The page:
Section 251(2) of the Companies Act 2006 provides a definition of a shadow director of a company. A shadow director is not a director recognised on the Register of Directors in a company or listed as a director at Companies House, but nevertheless acts to instruct or direct directors in the management of the company and makes decisions critical to the company’s affairs.
Section 78(1) of the Bill seeks to incorporate a new Section 170(5) of the Companies Act 2006 such as to apply the duties of directors also to shadow directors. This is something that has been continuously present through the common law (especially in respect of proceedings brought for breach of fiduciary duties or misfeasance) but which now clarifies that shadow directors can be likewise personally liable for losses by the company.
Further, Section 93 of the Bill also provides that where a shadow director exercises a “requisite amount of influence” over a disqualified director, the shadow director may also be disqualified from acting as a director (with the appropriate criminal consequences for acting as a shadow director in the future as a result of the changes referred to in the last paragraph).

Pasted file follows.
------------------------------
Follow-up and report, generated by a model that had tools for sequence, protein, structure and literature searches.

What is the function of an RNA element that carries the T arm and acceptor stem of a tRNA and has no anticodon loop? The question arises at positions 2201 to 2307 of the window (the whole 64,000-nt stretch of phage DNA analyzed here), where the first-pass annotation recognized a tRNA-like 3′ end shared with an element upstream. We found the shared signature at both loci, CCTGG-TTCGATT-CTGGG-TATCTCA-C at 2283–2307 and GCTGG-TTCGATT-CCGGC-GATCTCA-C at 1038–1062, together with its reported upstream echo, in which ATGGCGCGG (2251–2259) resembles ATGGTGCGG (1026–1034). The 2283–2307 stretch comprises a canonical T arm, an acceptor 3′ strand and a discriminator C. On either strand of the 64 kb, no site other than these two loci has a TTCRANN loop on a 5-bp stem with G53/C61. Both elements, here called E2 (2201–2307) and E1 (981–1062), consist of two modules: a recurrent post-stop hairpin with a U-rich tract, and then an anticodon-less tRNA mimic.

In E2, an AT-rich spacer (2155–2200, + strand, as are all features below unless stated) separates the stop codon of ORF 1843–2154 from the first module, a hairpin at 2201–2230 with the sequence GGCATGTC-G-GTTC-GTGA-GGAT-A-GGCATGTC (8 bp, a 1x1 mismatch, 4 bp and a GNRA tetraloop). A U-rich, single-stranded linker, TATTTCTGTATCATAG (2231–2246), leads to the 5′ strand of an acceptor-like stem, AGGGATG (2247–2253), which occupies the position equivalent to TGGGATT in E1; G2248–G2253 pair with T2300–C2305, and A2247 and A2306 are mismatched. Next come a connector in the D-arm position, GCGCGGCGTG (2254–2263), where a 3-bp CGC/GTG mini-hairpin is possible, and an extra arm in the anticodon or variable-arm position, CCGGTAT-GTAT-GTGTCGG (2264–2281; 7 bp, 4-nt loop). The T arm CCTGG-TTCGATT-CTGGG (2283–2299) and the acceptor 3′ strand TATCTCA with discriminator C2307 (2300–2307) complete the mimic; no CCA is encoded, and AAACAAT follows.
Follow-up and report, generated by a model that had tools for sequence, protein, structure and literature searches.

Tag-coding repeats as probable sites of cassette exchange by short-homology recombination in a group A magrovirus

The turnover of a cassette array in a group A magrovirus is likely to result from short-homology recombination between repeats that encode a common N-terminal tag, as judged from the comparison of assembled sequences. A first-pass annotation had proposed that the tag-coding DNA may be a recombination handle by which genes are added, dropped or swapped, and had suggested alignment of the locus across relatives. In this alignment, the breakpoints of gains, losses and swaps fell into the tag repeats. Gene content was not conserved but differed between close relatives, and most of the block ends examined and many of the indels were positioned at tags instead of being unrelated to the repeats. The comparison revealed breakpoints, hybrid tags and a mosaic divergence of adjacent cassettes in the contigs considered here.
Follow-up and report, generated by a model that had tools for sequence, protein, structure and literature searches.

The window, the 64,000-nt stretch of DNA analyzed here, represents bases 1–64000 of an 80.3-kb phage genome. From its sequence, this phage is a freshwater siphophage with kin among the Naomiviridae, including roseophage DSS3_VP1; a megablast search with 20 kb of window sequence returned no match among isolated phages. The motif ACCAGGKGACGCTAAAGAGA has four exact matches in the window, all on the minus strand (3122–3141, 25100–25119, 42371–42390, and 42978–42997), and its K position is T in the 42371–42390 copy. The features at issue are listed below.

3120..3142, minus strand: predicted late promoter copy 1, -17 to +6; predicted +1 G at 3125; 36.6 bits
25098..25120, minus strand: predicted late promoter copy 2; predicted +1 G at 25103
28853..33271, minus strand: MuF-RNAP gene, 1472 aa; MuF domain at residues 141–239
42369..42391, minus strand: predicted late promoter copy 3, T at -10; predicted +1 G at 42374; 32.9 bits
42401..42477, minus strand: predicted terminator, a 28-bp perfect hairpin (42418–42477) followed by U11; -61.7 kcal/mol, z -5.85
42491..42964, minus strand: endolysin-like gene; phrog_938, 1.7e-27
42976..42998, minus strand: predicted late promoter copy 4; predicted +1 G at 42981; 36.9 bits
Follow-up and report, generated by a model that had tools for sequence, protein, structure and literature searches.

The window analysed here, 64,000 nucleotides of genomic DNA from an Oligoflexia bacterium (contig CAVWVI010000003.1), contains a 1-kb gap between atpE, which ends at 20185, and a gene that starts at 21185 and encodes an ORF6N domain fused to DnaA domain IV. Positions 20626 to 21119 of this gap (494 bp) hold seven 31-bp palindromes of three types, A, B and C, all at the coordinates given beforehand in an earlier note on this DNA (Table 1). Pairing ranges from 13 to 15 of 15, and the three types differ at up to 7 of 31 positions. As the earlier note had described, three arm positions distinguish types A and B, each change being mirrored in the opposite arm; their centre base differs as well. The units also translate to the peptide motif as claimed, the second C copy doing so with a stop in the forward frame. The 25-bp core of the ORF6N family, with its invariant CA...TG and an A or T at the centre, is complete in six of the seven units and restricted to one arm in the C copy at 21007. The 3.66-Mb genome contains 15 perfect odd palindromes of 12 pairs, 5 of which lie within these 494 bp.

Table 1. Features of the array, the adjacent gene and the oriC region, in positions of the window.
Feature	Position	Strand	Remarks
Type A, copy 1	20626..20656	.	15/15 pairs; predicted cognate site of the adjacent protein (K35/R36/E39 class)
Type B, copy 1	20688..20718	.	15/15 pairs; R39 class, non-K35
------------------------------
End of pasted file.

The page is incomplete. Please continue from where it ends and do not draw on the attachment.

Quite often non-executive directors, either appointed or not appointed can fall into the category of shadow directors and thus any individual with influence over the company’s affairs may potentially be at risk as a result of this change. The proposed regulations do however make provision for professional advice and widens the exemption for professional advisers to ensure such individuals are not accidentally caught within these definitions.
Should you require further assistance or have concerns as to whether you may fall within the widened scope of the definition of shadow directors, with the consequential liability, or any other query in respect of the above matters please do not hesitate to contact Francis Wilks & Jones and we can assist with these matters.